If not, you can listen to its distinctive sound in the video below.
According to Wikipedia 80% of the rounds fired at 4,000 feet (1,200 m) range hit within a 40-foot (12 m) diameter circle. That’s not a place you want to be around.
This A-10 Thunderbolt II is assigned to the Maryland Air National Guard’s 175th Wing.
Below: A simulated anti-air missile system at the Hardwood Air-to-Ground Weapons Range in the military operating area of Volk Field Combat Readiness Training Center in central Wisconsin.
The mission of the Hardwood Range is to provide air-to-ground weapons delivery and threat awareness training for combat aircrews through the presentation of a variety of realistic target arrays and use of several types of threat emitter systems.
Above: An A-10 Thunderbolt II completes a strafing run intended to neutralize a simulated ground threat.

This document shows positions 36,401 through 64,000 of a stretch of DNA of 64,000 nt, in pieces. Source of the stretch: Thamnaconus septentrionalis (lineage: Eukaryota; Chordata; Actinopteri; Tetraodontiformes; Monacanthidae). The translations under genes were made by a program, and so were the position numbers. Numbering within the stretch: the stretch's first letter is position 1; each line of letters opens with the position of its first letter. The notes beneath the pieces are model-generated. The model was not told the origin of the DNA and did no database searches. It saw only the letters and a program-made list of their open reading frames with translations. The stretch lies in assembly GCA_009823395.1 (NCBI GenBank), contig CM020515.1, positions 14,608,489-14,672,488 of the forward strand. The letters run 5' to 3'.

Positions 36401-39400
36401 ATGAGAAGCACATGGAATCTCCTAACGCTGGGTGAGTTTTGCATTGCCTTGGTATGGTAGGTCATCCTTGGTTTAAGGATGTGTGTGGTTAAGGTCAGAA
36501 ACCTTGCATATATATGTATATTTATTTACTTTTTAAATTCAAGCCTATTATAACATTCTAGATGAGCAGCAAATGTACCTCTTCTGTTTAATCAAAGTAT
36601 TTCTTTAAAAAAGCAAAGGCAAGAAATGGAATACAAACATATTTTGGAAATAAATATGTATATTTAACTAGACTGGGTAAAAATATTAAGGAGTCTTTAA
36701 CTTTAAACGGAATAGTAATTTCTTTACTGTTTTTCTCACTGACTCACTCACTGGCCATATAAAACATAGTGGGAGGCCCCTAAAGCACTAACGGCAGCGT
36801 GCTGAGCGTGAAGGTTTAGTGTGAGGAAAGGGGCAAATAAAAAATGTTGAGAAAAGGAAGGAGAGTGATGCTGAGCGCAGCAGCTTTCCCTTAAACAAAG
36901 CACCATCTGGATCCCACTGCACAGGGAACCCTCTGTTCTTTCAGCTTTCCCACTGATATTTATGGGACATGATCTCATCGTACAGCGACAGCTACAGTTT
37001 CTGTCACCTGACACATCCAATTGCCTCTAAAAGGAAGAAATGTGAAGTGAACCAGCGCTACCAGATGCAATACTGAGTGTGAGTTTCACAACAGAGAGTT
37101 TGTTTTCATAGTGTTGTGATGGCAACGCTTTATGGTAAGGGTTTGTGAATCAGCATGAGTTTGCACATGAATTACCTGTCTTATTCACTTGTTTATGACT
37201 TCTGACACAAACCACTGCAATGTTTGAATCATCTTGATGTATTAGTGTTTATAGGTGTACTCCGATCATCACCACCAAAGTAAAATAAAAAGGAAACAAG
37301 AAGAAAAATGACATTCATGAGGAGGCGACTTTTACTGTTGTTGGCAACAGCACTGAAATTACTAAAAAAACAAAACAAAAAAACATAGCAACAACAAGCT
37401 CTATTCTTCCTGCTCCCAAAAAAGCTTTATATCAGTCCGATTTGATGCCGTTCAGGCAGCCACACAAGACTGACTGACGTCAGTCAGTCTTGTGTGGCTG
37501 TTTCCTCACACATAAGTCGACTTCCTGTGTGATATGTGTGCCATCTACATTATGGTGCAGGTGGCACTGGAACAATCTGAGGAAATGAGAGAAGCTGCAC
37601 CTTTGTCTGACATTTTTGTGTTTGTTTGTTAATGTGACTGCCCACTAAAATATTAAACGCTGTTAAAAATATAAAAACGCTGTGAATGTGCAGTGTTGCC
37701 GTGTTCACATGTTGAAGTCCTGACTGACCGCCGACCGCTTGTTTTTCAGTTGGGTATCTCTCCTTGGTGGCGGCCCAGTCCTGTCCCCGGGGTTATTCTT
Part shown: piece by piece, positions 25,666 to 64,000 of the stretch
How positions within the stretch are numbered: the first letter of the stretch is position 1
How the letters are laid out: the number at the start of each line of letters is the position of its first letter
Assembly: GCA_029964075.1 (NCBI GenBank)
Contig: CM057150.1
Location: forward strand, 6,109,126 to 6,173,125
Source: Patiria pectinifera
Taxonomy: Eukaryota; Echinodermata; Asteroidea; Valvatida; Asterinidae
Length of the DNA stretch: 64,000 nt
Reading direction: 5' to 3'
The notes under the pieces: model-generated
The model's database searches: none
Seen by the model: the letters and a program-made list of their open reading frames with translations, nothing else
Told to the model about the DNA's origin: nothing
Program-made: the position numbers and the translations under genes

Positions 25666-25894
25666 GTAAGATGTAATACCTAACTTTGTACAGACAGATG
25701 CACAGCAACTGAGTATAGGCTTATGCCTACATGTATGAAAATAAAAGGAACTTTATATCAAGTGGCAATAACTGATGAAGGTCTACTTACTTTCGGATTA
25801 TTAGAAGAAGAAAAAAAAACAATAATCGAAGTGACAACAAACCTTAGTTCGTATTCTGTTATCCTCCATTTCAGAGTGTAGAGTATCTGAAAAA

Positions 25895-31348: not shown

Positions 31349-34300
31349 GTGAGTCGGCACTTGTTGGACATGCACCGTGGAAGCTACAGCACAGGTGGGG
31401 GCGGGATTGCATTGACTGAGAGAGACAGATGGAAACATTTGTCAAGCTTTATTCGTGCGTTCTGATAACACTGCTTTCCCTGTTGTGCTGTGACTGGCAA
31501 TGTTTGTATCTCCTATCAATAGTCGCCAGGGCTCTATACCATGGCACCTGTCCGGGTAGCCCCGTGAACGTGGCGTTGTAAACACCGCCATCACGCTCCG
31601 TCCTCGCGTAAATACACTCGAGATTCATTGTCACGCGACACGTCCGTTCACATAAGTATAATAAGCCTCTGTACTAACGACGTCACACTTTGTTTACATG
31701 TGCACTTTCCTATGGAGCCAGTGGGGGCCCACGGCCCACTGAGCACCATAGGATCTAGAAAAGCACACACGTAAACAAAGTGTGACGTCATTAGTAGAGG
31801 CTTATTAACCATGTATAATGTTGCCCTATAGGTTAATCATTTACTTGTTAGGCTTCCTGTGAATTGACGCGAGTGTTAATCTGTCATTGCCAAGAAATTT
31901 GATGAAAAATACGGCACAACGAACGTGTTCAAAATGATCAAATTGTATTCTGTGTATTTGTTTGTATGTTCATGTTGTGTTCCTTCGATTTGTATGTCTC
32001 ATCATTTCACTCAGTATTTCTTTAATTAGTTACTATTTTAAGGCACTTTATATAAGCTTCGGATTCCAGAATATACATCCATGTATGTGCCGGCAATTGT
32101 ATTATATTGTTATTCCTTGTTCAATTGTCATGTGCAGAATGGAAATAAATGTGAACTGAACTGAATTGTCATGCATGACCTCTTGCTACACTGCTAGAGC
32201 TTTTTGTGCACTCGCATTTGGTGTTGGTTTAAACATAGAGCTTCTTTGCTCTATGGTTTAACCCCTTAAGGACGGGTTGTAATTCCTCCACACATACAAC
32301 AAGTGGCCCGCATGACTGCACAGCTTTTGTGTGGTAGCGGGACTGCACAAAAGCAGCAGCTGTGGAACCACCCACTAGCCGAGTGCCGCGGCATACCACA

Below: Guysers of sand and earth errupt from the impact of multiple 30 mm bullets as A-10 Thunderbolt II aircraft strafe simulated threat targets during the CSAREX ’18 combat search and rescue exercise.
All pictures by U.S. Air National Guard photo by Master Sgt. Paul Gorman.
Here’s a video of the A-10 in action.
An interesting note from Wikipedia:
Because the gun’s recoil forces could push the entire plane off target during firing, the weapon itself is mounted laterally off-center, slightly to the port side of the fuselage centerline, with the actively “firing” barrel in the nine o’clock position (when viewed from the front of the aircraft), so that the firing barrel lies directly on the aircraft’s centerline.
The firing barrel also lies just below the aircraft’s center of gravity, being bore-sighted along a line 2 degrees below the aircraft’s line of flight. This arrangement accurately centers the recoil forces, preventing changes in aircraft pitch or yaw when fired. This configuration also leaves space for the front landing gear, which is mounted slightly off-center on the starboard side of the nose.